You can't find too many entrepreneurs who can say their company
started with the idea to write a novel.
Of course, Varsha Rao didn't think her literary inclinations would
lead to anything other than maybe a book on being a woman in business.
She wanted to pen the Great [Indian] American novel three years ago. So dedicated was Rao to the idea that she took a month's leave from her
demanding, high-profile consulting job at McKinsey & Co in New York to
But like a quick plot twist, before she could write a single
sentence, an old friend came calling with a pitch to launch a startup
Rao is not sure. But what
she will admit, though, is that she was looking for a change from
her career at McKinsey. So after some research and soul searching, she found herself in
Francisco, in a new, demanding, high-profile job, this time, running
Eve.com, an online retailer of high-end beauty products.
It was the beginning of her ride on the Internet economy rollercoaster,
and it took her to some great heights. Rao and her fledgling online
company were written about in publications like People and The
Standard, and attracted considerable web traffic. She met President Bill
Clinton, and attended glamorous events in New York, rubbing shoulders
with its top fashionistas.
But when the Internet economy started bleeding last year, so did Eve. It was eventually sold and then promptly closed, joining the ubiquitous ranks of fallen dotcoms.
Soon after, Rao took a trip to South America, to reflect on what she had done wrong and on what she had done right. And to see once again what there was outside the high-paced life of the dotcom bubble.
She walked away with a reported $ 17.5 million, and is now
thinking about heading yet another company; this time it could be in
fashion. She is also considering becoming a VC, certainly an interesting
reversal of roles. For Rao, 30, there is life after Eve, and she's ready
to bite into the apple again.
And yes, she's thinking about a novel, though it may not have anything
to do with her company. But if she were to write about how Eve started, Rao
would have to first mention the phone call that began it all. The phone call that began Eve.
And how was Eve born?
She got a phone call from a friend,
Mariam Naficy, who had gone off to study at Stanford when Rao, a Harvard MBA,
went to McKinsey.
Interested in ecommerce, Naficy was running ideas by Rao all the time.
The possibility of trying ecommerce didn't interest Rao as much as joining a
venture with Naficy. Rao says she wanted to do something on her own,
she didn't know what.
That's when the thought of selling cosmetics flashed across her mind. Being small and
to ship, they seemed the perfect product to hawk on the Internet.
There were predictions that the online cosmetic industry could reach $ 1.2
billion by 2003. Women were becoming a force on the Internet. Rao saw an
opportunity to market high-end cosmetics, to busy professionals, who knew
what they wanted.
She researched and mulled over the proposition. On a vacation in New York state with some friends, Rao spoke about her plan. It was the
time she had ever brought it up with anyone. Predictably skeptical at first, they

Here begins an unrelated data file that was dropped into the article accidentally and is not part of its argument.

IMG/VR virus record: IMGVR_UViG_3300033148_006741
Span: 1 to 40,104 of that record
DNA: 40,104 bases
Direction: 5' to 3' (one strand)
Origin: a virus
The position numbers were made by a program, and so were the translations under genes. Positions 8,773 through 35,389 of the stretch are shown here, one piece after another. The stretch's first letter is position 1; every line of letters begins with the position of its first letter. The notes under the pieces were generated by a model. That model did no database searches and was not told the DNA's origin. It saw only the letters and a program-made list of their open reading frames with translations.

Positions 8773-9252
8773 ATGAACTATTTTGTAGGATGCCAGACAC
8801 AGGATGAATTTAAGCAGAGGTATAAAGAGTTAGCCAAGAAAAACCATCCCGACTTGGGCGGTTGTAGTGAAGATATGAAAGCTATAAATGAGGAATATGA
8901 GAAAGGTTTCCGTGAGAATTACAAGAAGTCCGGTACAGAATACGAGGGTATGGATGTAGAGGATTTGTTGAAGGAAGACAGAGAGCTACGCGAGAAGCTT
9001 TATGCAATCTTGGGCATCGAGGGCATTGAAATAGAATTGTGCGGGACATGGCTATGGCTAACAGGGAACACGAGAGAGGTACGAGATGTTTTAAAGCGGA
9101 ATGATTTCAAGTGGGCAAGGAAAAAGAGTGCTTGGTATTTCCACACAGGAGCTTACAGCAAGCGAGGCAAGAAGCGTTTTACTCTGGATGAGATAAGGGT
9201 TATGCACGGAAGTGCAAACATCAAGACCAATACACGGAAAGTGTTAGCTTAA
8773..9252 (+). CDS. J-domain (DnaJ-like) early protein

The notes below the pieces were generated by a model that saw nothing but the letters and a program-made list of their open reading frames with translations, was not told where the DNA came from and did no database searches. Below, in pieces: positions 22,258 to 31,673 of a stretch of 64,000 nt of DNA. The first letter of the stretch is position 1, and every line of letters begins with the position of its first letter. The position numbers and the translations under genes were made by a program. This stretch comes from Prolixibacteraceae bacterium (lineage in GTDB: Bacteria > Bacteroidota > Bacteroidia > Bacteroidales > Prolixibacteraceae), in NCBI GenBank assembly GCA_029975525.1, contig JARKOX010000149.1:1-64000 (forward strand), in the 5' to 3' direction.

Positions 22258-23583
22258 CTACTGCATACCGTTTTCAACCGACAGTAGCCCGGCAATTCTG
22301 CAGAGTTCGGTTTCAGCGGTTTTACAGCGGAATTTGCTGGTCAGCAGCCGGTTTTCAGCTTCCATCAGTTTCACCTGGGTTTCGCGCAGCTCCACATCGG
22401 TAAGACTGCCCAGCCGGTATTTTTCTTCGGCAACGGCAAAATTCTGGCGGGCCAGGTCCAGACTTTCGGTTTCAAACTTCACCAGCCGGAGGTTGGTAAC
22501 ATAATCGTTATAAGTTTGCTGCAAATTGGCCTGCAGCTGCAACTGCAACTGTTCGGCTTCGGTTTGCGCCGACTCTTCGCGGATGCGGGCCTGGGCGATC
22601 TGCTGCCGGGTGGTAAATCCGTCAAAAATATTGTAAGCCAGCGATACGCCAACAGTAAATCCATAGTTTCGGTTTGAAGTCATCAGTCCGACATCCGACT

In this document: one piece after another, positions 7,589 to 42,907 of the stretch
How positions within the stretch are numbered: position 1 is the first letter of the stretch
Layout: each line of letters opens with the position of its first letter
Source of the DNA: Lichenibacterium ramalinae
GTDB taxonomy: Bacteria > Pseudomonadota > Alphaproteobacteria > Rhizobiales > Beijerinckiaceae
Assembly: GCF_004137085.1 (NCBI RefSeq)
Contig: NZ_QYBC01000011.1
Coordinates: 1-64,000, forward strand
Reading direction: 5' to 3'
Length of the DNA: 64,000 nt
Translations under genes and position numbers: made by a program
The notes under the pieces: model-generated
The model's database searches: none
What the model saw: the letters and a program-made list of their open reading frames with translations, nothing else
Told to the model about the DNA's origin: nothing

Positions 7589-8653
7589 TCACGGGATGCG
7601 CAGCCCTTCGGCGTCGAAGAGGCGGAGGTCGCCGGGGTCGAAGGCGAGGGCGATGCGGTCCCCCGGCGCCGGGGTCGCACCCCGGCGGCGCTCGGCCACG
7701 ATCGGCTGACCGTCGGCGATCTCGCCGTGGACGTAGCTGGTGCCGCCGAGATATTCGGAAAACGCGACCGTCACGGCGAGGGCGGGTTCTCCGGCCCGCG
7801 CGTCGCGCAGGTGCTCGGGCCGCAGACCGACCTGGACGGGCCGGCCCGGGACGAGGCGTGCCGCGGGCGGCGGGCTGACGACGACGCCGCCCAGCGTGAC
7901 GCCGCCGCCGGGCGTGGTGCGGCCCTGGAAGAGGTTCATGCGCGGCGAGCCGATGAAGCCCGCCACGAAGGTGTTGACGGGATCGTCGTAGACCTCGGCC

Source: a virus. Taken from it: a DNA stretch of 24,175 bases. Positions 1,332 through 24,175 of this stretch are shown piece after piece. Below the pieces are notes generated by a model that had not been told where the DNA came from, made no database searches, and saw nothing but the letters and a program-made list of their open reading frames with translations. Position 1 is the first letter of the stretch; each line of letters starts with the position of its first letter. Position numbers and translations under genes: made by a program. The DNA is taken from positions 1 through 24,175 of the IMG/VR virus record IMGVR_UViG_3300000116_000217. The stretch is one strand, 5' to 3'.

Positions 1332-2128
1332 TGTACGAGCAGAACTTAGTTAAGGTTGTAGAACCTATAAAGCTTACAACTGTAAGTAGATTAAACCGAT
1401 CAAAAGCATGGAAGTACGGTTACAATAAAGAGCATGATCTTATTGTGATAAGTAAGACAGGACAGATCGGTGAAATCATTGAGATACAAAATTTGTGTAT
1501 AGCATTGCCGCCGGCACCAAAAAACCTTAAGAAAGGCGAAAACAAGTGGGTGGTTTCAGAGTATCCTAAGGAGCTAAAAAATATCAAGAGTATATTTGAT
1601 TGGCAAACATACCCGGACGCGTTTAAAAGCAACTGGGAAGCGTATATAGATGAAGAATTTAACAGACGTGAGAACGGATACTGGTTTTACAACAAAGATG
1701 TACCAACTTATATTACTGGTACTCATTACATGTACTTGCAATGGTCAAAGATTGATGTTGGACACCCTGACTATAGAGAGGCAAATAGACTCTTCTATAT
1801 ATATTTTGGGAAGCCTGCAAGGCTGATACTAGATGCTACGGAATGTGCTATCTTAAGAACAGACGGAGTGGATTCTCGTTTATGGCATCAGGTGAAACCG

warmed to the idea.
It gave her the confidence to make a decision. A few days after she
returned, she took a call at 2 am from Naficy. It was then that they
decided to test the idea of online beauty.
Her husband, Cameron Poetzscher, an investment banker she met at
was supportive. But when Rao told her father, a chemistry professor and a stockbroker, and her mother, a systems analyst, about her plans, they
thought she was crazy.
"They said, 'Why? You're at McKinsey. You have a good job. You're on
to becoming a partner,' " she recalls.
Their concern was not because Rao was leaving the navy-blue-and-pinstripe world of McKinsey for the hot reds and pinks of the
cosmetics industry. Instead, they worried that she was leaving a secure
career. Their fears, however, were allayed by her determination to be a
success in the Internet market that generated hundreds of wonder
Rao and Naficy knew they were on to something after their first meeting
with a venture capitalist in San Francisco's Chinatown. Like all first
attempts, they got the interview because a friend knew someone at the
Rao says they had a very sketchy PowerPoint presentation. But the rep showed it to his boss and the VC boss called
them. "It was just the two of us and an idea," she
says. "We were laughing afterwards."
They later secured their seed money from Bill Gross, the southern
California venture capitalist and brainchild of Idealab! Rao and Naficy
had 90 minutes to make their pitch. A day later, Gross contacted them
an offer. The money raised in the first round, nearly $ 4 million, went
designing the website and signing up ten suppliers.
Even a virtual company needs space to work... Eve's first offices were
and sparse. The white table, that they would use as a background for the
products they photographed, was also used for lunch breaks.
What was amazing for Rao was her staff's passion. "They worked at Eve as if it
their company," she recalls.
Rao remembers how employees cheered, like they were at a football game,
Eve's first television commercial was screened. An article by The
Standard on how the company prepared for the Christmas season had
The media also published tongue-and-cheek reports about the company website. They